Cebu celebrated its first Lechon Festival in honour of the famed roast suckling pig

Traditional Cebu lechon in bamboo skewer. PHOTO: LEOM. SABANGAN II/THE PHILIPPINE DAILY INQUIRER

THE PHILIPPINE DAILY INQUIRER (ASIA NEWS NETWORK) - When eating lechon or roasted suckling pig, Megaworld's young big boss Kevin Tan goes first for the belly and not the glistening, bronzed crispy skin.

Tan digs into the belly, scours its spiced insides and takes a piece of the succulent meat. It is heaven on earth for him.

"I always go for the stomach and ribs," he said. "Those are the best parts of a lechon because all the flavours and aroma are there. Nobody goes for the stomach, that's why I always get the juicy, meaty parts."

That is what he did, once again, when Tan recently led a Lechon Boodle Fight at Mactan Alfresco in Lapu-Lapu City, Cebu. The activity kicked off the three-week-long Lechon Festival, which was held at the township prime property Mactan Newtown.

Tan was joined in the boodle fight by Lapu-Lapu City mayor Paz Radaza, Lapu-Lapu tourism chief Hembler Mendoza, Megaworld Cebu Properties Inc. president Noli Hernandez and some participants from the Ironman event, which coincided with the festival.

Tan leads the Lechon Boodle Fight at Mactan Newtown's Mactan Alfresco. With Tan (from left) Lapu-Lapu City Mayor Paz Radaza, Megaworld Cebu Properties Inc. president Noli Hernandez, Lapu-Lapu tourism chief Hembler Mendoza, and some participants from the Ironman event. PHOTO: LEOM. SABANGAN II/THE PHILIPPINE DAILY INQUIRER

The glistening, golden brown Cebu lechon was presented on top of a long table lined with banana leaves. Rice was placed alongside other dishes such as pork sinigang, chicken and pork barbecue, steamed shrimps, chop suey and salted egg ensalada.

Tan and his guests, who ate with their bare hands, enjoyed the seasoned, tender meat infused with lemongrass and spring onions, and the crunchy roasted skin that was surprisingly devoid of oil. The suckling pig, prepared by Pelyn's Lechon, was so full of flavour that there was no need for an accompanying liver sauce dip.


Megaworld, in partnership with the local government, organised the first-ever Lechon Festival in Lapu-Lapu City to celebrate the lechon, which has become a symbol and trademark of Cebu. The venue, Mactan Alfresco, a 500-seat dining hall inspired by Singaporean hawker centres inside the 30-ha township, was teeming with tourists and locals who enjoyed the number of food stalls by Cebu's finest lechon-makers. Pelyn's, Ayer's, Gatchalian's and House of Lechon, among others, offered various flavours and tastes of the pork dish, from spicy to salty-sweet.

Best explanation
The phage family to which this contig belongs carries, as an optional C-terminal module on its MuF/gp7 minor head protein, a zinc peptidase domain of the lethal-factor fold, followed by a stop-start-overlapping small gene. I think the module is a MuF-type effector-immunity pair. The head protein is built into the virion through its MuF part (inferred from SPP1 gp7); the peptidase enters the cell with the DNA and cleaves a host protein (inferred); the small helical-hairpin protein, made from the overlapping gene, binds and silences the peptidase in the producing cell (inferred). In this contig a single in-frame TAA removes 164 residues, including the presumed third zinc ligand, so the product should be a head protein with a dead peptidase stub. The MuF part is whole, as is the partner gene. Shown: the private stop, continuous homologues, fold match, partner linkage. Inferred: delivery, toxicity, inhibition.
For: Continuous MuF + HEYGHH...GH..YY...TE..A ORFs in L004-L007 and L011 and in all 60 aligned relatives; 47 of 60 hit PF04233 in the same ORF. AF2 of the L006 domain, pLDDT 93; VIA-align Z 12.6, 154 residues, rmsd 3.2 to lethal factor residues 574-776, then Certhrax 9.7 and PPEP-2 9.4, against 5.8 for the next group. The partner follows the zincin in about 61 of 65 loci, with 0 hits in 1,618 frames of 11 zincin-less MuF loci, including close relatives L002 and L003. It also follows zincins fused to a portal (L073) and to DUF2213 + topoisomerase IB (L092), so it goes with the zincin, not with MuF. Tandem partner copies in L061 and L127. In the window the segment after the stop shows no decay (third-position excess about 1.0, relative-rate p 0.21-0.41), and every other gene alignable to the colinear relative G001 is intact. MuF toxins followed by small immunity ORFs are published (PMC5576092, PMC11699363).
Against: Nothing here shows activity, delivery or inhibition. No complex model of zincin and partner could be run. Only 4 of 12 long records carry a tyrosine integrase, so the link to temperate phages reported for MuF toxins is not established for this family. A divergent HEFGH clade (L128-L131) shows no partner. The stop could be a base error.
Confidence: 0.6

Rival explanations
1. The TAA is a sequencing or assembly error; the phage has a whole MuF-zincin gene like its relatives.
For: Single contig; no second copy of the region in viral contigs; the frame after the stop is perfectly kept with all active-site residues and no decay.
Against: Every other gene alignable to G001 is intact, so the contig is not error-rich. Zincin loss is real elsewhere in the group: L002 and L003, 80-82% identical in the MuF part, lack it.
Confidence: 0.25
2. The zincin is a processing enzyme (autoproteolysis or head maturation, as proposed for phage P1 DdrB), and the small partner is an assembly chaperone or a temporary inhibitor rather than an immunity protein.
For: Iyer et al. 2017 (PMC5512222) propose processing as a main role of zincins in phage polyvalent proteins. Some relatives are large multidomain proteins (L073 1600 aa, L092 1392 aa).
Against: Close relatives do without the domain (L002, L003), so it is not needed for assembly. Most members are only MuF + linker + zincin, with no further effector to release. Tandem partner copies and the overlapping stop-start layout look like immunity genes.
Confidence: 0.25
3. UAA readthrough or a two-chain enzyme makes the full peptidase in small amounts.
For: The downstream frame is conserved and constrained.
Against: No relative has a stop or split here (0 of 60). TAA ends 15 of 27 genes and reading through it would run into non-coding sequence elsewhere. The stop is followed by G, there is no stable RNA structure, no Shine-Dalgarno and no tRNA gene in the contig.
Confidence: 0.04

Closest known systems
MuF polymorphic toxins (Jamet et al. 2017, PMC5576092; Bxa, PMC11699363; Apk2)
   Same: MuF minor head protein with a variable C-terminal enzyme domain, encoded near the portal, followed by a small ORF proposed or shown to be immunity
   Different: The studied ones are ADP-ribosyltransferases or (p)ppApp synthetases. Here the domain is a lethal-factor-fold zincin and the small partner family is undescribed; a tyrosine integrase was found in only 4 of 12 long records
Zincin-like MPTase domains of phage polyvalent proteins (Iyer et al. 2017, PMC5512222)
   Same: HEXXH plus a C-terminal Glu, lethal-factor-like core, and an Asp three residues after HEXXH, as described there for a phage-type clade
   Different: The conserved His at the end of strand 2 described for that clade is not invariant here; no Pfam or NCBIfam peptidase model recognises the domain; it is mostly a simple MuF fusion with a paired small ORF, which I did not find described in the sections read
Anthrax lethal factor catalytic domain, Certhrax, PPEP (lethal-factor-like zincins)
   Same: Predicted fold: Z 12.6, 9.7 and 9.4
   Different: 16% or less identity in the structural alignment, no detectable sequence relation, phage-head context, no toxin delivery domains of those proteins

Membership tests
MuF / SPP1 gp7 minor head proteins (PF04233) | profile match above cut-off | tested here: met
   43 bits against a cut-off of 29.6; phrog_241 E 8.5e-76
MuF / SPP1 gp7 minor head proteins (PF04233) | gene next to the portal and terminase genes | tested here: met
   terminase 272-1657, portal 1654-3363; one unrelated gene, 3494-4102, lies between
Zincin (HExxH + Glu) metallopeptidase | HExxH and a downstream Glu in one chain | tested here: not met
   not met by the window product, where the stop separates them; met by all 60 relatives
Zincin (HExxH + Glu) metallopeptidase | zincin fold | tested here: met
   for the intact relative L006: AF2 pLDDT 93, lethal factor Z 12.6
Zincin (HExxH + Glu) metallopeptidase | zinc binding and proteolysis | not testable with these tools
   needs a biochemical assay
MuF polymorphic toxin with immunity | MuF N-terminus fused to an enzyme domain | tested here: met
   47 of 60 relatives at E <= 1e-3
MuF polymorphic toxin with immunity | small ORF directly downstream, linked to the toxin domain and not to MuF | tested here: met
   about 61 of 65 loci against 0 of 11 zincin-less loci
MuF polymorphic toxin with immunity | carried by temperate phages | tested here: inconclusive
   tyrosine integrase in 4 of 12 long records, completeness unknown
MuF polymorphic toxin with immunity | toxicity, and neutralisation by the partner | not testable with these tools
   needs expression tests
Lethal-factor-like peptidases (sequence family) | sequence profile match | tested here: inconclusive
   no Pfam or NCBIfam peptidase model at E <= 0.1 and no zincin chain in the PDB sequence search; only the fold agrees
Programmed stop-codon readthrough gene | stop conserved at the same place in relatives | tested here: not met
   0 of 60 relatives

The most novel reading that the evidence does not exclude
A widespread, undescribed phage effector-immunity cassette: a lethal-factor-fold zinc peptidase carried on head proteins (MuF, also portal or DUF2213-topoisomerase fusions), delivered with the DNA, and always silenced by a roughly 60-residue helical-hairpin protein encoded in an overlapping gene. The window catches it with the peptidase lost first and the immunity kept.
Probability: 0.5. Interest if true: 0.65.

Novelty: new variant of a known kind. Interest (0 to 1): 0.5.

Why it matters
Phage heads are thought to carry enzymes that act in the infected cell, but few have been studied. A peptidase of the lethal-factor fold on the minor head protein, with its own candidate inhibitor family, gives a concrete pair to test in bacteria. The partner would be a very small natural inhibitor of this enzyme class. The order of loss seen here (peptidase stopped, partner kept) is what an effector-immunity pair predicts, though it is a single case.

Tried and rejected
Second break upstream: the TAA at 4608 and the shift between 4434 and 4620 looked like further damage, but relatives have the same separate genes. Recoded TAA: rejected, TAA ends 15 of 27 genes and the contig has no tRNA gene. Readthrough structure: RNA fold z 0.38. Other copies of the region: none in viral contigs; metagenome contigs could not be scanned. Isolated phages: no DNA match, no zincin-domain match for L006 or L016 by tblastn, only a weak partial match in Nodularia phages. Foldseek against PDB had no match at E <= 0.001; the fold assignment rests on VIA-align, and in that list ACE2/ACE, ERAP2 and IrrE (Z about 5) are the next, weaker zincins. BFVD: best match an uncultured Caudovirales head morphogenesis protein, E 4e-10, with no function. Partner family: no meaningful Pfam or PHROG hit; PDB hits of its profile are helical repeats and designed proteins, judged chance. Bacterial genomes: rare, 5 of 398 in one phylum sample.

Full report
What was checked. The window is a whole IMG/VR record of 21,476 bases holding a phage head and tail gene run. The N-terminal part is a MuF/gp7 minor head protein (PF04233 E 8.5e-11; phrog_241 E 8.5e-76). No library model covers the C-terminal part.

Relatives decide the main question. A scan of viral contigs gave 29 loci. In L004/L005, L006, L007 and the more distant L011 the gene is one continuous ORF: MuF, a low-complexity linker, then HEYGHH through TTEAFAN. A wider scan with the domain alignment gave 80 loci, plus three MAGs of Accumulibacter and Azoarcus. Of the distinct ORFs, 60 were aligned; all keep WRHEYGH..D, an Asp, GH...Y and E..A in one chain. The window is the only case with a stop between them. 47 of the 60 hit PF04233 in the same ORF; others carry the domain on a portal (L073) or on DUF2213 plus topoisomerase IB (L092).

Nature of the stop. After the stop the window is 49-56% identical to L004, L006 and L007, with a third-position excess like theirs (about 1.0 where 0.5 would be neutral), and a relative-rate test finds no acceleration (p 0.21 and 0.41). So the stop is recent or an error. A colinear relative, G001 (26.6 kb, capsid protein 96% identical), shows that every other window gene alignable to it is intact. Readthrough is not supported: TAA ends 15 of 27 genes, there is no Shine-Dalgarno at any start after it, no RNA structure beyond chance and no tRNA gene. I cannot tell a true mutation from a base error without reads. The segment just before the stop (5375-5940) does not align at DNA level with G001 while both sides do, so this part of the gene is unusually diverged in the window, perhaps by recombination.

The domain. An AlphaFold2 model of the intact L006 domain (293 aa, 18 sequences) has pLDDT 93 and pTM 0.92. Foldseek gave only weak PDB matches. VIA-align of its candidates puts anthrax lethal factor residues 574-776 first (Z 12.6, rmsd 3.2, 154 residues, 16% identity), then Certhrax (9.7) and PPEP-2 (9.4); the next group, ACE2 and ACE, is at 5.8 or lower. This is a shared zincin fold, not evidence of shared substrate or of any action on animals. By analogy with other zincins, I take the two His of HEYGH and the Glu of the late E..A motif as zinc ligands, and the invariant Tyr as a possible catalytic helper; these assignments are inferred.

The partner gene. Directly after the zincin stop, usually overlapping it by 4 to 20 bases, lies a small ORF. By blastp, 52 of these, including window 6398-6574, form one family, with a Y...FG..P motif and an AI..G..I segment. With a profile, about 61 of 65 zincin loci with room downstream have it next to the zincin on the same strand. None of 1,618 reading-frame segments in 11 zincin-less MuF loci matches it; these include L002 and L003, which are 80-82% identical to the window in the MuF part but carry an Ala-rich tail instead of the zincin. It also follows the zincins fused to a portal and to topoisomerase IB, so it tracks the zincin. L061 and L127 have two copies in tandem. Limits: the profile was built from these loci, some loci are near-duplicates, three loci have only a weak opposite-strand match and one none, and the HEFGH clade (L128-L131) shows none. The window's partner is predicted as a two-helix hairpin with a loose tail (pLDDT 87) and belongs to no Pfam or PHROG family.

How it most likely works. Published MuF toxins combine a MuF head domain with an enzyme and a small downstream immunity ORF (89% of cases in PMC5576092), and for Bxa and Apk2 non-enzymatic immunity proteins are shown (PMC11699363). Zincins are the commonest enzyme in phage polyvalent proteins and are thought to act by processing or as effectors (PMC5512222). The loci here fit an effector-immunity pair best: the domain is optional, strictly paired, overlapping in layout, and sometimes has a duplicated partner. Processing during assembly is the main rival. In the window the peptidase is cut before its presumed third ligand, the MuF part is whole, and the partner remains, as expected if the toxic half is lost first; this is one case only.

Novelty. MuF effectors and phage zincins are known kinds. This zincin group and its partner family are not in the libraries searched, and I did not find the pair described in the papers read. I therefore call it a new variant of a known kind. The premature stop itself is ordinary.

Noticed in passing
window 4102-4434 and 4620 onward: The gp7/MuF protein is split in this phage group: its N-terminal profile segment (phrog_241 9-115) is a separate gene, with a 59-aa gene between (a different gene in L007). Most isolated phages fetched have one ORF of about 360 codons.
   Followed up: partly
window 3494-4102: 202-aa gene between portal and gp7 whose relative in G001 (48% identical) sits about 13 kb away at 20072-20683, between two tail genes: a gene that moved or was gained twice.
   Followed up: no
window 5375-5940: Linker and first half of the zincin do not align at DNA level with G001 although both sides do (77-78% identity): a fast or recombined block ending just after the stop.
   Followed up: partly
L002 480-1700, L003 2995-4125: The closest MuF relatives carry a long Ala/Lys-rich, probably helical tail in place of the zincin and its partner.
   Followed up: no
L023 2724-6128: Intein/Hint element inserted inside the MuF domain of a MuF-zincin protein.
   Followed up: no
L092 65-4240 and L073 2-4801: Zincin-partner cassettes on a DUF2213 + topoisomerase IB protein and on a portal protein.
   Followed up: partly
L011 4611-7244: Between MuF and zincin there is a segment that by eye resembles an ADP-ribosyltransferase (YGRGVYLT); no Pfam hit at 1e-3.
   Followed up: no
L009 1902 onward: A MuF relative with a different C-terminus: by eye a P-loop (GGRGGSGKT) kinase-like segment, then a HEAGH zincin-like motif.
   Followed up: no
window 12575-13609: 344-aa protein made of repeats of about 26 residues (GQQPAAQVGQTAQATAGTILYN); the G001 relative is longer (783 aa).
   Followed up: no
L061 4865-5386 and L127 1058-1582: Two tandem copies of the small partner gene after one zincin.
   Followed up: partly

Guests also witnessed live lechon roasting at the Mactan Alfresco lechon pit.

"We always believe in helping and giving the locals and small entrepreneurs a venue to showcase their products," said Tan. "We also make sure to feature different kinds of lechon that are cooked, prepared and flavoured differently from one another, so that when you come to Mactan Alfresco they don't taste the same."

The Lechon Festival was also a welcome occasion to help boost local tourism in Lapu-Lapu City.

"Lechon is the pride of Cebu City, Talisay and Mandaue," said Mendoza. "It's high time we also had one here in Lapu-Lapu City, because we also have a huge number of really good lechon makers."


A highlight of the festival was a grand lechon parade around the vast Mactan Newtown property, participated in by local culinary schools and representatives from different barangays, local elementary schools, Cebu's selected lechon makers, and even some business process outsourcing companies, including The Results Companies.

The Grand Lechon Parade had a mammoth-sized suckling pig made of paper-mache along with cultural dances. PHOTO: LEOM. SABANGAN II/THE PHILIPPINE DAILY INQUIRER

The festive parade showcased lechon dressed in fun, colourful costumes and displayed on themed floats. The lechoneros also roasted pigs over charcoal on top of moving vehicles. School kids played folk music, while the grown-ups danced and demonstrated cultural dances.

Amy Salamana of Pelyn's Lechon, one of the participants in the parade, presented the traditional lechon in bamboo skewer. The family-run business has been serving rave-worthy lechon for the past 14 years. Her father started the business, and Amy later on took over the home-based operation with her husband in Humay-Humay, Lapu-Lapu City.

Pelyn's Lechon is subtly spiced and seasoned with lemongrass, salt and spring onions, among other secret ingredients.

"We cook the pig only as the order comes in," said Salamaña, who stuffs and roasts the pig the old-fashioned way over a pit of smoldering charcoal in the family's own backyard, to assure the lechon's consistency and quality.

Salamana added that Pelyn's gets 80 to 90 orders of lechon every 10 days. The family raises its own pigs.

The Mactan Newtown is a 30-ha township development that has its own beachfront. Located along the M.L. Quezon National Highway, it is home to award-winning residential condominium and office towers, shops, schools, hotels, mall and commercial hubs, as well as leisure and recreational facilities.

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